(World Bank, Washington, DC, 2019-02-28)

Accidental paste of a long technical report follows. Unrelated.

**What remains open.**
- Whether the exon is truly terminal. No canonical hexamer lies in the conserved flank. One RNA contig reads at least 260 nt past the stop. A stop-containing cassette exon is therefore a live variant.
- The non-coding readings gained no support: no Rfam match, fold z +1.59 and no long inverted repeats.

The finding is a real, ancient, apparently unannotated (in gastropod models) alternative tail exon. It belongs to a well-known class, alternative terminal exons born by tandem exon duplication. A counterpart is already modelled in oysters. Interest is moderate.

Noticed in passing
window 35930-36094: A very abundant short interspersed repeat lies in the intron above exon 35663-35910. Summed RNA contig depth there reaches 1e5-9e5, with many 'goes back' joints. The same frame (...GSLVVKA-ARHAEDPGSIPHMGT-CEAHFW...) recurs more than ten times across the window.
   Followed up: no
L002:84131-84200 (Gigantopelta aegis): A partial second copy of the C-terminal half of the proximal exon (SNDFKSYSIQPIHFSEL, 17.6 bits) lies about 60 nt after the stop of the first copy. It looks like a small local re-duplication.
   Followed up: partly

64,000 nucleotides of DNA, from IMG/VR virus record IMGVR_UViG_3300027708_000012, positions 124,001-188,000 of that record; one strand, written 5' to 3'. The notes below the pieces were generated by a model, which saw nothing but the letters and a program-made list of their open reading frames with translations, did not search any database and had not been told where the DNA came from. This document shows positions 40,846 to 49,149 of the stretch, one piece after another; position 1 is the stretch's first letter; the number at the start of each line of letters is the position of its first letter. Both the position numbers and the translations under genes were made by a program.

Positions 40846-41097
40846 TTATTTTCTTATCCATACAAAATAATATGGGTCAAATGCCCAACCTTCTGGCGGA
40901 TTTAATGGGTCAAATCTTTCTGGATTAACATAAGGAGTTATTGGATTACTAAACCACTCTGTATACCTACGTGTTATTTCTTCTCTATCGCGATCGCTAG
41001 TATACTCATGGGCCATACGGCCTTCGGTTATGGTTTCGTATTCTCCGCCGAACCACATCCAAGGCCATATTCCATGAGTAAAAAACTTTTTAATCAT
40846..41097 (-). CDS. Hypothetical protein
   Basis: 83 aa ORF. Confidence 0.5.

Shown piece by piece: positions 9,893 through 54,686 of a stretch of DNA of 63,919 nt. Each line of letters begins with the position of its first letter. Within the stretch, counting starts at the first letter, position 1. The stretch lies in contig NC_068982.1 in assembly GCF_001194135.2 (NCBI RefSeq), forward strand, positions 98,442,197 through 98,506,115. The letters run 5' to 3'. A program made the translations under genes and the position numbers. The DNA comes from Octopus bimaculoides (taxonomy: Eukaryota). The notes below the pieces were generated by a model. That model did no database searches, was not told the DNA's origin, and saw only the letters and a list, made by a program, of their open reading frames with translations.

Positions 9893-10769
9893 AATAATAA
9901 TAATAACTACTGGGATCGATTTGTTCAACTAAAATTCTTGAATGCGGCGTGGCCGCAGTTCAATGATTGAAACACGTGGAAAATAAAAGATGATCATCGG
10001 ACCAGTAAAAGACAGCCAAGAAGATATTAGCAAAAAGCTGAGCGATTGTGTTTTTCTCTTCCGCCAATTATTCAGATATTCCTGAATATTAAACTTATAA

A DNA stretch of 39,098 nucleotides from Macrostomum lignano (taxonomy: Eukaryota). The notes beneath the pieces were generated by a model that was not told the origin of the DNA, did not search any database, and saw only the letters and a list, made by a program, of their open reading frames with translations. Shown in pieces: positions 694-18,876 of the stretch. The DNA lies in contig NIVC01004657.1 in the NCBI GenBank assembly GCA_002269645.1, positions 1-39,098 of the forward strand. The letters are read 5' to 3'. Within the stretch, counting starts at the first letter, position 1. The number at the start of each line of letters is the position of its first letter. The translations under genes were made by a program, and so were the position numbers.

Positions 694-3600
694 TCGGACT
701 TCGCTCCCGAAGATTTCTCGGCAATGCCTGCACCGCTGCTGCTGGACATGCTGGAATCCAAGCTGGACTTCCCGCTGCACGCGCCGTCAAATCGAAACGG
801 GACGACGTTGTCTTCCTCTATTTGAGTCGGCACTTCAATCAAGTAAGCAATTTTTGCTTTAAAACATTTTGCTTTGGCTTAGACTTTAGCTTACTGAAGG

Despite several severe shocks in the past, conflict, unstable governments, earthquakes, and trade disruptions, Nepal has made strong progress in reducing poverty and boosting shared prosperity. With the decade-long peace and constitutional process concluded, the Government of Nepal is keen to accelerate economic growth and become a middle-income country by 2030. Between 1996 and 2011, the proportion of households living in extreme poverty fell from 46 to 15 percent. Nepal's macroeconomic fundamentals have remained sound. This report takes place as Nepal transitions to a federal structure. This poses a unique and unprecedented opportunity to establish clarity of functions, expenditures, and revenue assignments, as well as changing jurisdictions across various levels of governments and agencies, including as they interface with the private sector. The new government is in place and emphasizing the need for stronger cooperation between the public and private sectors. Against this background, this report assesses the energy (electricity generation, transmission, and distribution), transport (roads, airports, and urban transport), and urban (water supply, sanitation, and solid waste management) infrastructure sectors. The report recommends interventions that combine short-term and longer-term structural and policy changes with tailored project implementation approaches. Completing projects will help stress test the framework and system and identify potential bottlenecks that can be corrected. Such a learning-by-doing approach will further help prioritize the implementation of the initiatives proposed in this report and target capacity development initiatives in the areas of greatest need.